I tend to agree with Omar(I think).
"Internal" has to do with controlling attention and other mental/neurological/physiological attributes. Western science is in the early stages of monitoring these "internal" events. There is much more to Chinese philosophy than this but it's a start at bridging the traditionally "internal" and "external" aspects Cinese martial arts and making internal ideas accessible to a western paradigm.
Real Scientific Article
An accomplished buddhist monk would be an expert at the internal side of internal martial arts. But you could still probably beat him up if you spar every day and he doesn't practice any sparring.
edit: People fantasizing about "chi balls" are like archaic tribesmen who, upon coming across a television, are apt to believe that birds are somehow carrying images from remote locations (Not to insult "archaic tribesmen"). If people have difficulty understanding the idea of internal arts they should try to open their mind. Consider the possibility that other cultures have made astute observations of their mental states/feelings and documented them for centuries if not millenia. Seriously. Unfortunately there are alot, if not a majority, of chi-ball wizards out there teaching "internal" martial arts. That or they are simply teaching a form of relaxing low impact movement therepy.
I was going to keep up with this whole thread, but I got bored...
The entire "internal vs. external" BS was started (or at least significantly contributed to) by Sun Lu-tang to screw with his contemporaries. It was an inside joke then, and an ongoing joke now.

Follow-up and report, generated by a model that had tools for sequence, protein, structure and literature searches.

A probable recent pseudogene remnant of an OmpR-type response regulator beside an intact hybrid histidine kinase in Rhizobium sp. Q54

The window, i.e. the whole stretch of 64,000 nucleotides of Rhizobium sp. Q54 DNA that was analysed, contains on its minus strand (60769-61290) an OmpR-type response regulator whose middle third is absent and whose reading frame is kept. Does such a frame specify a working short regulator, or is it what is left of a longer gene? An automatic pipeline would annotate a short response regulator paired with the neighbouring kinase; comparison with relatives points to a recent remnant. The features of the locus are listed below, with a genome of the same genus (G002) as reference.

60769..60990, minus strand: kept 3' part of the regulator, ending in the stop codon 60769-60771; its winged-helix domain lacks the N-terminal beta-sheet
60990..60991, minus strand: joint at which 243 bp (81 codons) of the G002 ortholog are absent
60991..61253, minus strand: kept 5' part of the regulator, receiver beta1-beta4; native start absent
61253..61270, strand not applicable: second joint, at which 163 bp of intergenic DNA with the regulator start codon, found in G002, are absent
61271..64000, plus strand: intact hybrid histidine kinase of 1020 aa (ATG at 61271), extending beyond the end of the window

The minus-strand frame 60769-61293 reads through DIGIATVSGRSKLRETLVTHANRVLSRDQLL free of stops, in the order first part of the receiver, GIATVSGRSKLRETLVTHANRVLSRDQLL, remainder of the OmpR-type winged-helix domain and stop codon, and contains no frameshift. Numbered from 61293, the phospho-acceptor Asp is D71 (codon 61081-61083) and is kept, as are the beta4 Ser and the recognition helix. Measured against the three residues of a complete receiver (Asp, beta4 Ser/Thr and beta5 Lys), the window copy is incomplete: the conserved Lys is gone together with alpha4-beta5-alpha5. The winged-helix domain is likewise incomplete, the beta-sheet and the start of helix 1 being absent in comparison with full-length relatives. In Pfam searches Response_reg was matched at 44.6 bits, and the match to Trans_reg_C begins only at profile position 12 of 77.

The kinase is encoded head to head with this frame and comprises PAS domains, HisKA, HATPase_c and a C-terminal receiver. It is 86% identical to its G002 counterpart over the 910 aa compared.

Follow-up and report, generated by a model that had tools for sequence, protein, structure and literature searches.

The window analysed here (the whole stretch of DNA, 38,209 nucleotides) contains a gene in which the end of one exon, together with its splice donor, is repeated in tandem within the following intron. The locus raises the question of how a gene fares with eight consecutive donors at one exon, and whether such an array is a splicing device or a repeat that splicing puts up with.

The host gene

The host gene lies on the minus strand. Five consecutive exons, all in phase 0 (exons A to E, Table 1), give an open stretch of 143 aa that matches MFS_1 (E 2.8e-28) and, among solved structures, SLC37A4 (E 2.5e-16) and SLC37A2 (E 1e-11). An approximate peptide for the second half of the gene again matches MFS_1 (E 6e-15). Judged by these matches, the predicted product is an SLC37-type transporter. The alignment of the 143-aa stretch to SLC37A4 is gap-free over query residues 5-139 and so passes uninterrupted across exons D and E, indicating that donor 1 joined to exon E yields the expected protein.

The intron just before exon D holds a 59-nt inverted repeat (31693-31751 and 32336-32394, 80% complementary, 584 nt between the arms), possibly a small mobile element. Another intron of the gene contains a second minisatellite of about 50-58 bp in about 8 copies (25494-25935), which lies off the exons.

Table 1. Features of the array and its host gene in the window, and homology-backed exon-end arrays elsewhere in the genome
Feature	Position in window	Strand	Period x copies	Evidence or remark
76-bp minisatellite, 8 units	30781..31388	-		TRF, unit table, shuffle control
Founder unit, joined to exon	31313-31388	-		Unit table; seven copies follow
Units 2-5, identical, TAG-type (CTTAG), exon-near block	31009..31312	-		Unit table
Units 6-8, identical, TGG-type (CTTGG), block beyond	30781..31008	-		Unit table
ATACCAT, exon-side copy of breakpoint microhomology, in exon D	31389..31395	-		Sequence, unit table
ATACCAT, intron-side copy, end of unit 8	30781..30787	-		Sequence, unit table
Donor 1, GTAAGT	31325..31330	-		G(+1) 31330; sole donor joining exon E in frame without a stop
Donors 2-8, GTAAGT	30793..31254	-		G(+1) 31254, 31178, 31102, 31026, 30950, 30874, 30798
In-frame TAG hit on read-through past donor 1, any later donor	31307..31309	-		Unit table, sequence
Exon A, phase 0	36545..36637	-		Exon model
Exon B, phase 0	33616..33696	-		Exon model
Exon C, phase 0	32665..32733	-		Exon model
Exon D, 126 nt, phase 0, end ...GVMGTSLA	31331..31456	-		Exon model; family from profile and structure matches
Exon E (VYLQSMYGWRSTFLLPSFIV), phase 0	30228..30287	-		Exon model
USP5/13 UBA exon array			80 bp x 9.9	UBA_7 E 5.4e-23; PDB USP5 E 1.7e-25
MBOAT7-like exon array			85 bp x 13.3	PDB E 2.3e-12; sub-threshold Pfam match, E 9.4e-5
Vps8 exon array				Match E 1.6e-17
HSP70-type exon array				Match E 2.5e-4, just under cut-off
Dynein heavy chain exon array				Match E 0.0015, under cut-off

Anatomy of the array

When you look at external training versus internal training, you'll find, in the long run, more similarities than differences.
In the really long run, what does it matter anyway?
Gee, I spent quite some time reading this thread.
Unfortunately Mike Patterson did not answered IIF's question directly. On his internetpage however, there is an rather unusual answer to the internal vs. external debate:
"The original meanings of Internal vs. External kung fu have been largely misconstrued over the last generation due to many "oral" variations of the many different kung fu families trying to paint a picture showcasing their own individual style. So, now adays a person hears many incorrect statements regarding these differences such as External Styles are "Hard" and Internal Styles are "Soft", but in reality the original meaning of this "difference" was entirely philosophic and geographic. The original me aning of the external styles was simply that those styles were originally started by Da Mo and the ShaoLin temples (buddhist philosophy) who purportedly came from India, and was hence from outside China (External Style). And the original meaning of "Inte rnal" was to denote those styles that were founded on the Taoist philosophy of Lao Tzu and were created inside of China (Internal Styles)." (source: http://www.hsing-i.com/tai_chi/IntvsExt.html)
I have no way to validate this.
However, imo this is a very funny and sufficient answer. At least I had a laugh.
You know, that is probably as valid an answer as any!